What do demonstrations accomplish? When I was in the DC area we would protest the capitol and the White House -- on a Saturday. I could understand wanting to obstruct regular business as occurred when the Rutgers walk-out closed down one side of Rt. 18 last year, but most of these don't. They don't change legislation, and they seldom seem to change the way our legislators vote. My first demonstration was just before the invasion of Iraq in 2003. A went with a group from my church. Close to half a million people showed up to proclaim their opposition to this illegal and awful war.

Turns out we were right, for whatever thats worth.

So why do I still go to these things?
Aside from feeling like part of something and knowing that others feel the same way. I know that letter writing, hassling congressmen, etc is more effective (yes, I do that too), but this is far more energizing, and reminds that we are not alone.
A friend of mine was on the organizing committee of the Campus Anti-War Network. I asked him what his point is?
The first of course is that feeling of togetherness, and unity.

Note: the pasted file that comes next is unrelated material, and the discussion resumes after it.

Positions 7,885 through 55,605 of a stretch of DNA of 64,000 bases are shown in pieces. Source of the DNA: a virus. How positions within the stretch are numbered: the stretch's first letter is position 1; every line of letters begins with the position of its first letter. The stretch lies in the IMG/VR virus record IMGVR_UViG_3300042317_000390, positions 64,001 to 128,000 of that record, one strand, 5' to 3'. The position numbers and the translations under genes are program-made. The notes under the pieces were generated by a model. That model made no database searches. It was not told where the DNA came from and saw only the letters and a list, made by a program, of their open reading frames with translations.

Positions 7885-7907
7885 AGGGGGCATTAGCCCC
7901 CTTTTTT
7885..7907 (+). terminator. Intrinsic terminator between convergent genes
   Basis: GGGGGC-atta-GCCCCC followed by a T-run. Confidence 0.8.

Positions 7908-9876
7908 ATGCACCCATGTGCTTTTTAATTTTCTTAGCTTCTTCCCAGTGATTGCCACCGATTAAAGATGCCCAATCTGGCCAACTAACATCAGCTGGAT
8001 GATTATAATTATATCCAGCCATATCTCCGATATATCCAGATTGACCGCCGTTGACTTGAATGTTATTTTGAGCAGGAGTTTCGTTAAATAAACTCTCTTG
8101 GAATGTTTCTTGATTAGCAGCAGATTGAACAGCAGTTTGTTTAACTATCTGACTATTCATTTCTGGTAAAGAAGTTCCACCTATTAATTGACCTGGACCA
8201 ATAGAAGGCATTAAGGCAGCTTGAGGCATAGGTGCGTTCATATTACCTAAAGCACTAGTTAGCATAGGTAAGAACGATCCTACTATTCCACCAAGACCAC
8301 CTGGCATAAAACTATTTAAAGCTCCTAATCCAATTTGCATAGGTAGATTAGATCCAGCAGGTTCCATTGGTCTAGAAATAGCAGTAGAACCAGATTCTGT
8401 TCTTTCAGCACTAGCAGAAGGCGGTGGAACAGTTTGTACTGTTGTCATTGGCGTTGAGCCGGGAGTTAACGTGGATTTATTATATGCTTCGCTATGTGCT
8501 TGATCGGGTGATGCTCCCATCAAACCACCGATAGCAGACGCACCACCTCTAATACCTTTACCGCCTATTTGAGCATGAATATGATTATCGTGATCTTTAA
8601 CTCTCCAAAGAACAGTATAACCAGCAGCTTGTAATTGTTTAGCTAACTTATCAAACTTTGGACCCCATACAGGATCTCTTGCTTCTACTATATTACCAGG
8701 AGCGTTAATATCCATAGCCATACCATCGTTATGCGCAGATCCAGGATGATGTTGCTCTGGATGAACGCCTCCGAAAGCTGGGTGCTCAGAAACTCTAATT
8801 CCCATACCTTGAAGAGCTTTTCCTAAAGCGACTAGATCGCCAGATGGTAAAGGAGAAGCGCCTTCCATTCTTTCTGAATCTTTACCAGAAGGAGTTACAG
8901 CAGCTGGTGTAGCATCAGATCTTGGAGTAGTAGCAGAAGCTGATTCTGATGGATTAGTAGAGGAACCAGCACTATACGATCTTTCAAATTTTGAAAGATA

Next, is for networking. Connections help keep a stronger movement with more voices. Similarly, its gets new people out and keeps them out. It makes them unified with other groups.
It also lets different movements know what other movements are doing -- student groups, labor groups, women's groups, etc. and also lets different groups know what other group are doing (or that they exist) if they aren't on mailing lists.

So is it worth it, yes. It reminds us and the world that we are part of something and that we are here. It helps us stay motivated and brings out new people, lets us know what others and doing, and if nothing else, makes us a bit of an inconvenience.

Pics forthcoming.

Saturday, October 27, 2007

Prayer Request

Just a quick prayer request for my roommate and her family.

I've known Suzannah since 9th grade, and her older sister Nicola was one of my best friends. Nicola died in a car accident about 4 years ago.

S's mother was diagnosed with breast cancer this week. S is handeling it surprisingly well, but it clearly upset at the possibility of losing someone else so close. To make matters more complicated S is also a pharmacy student and has some major exams this semester that she needs to pass.

Anyhow, her mother has surgery scheduled for Tuesday and they are doing to check her lymph nodes etc. then. Her mother has a number of medical conditions and adding this clearly wouldn't help. They found this in her first mammogram in ten years, so if nothing else, its good that she had to get one.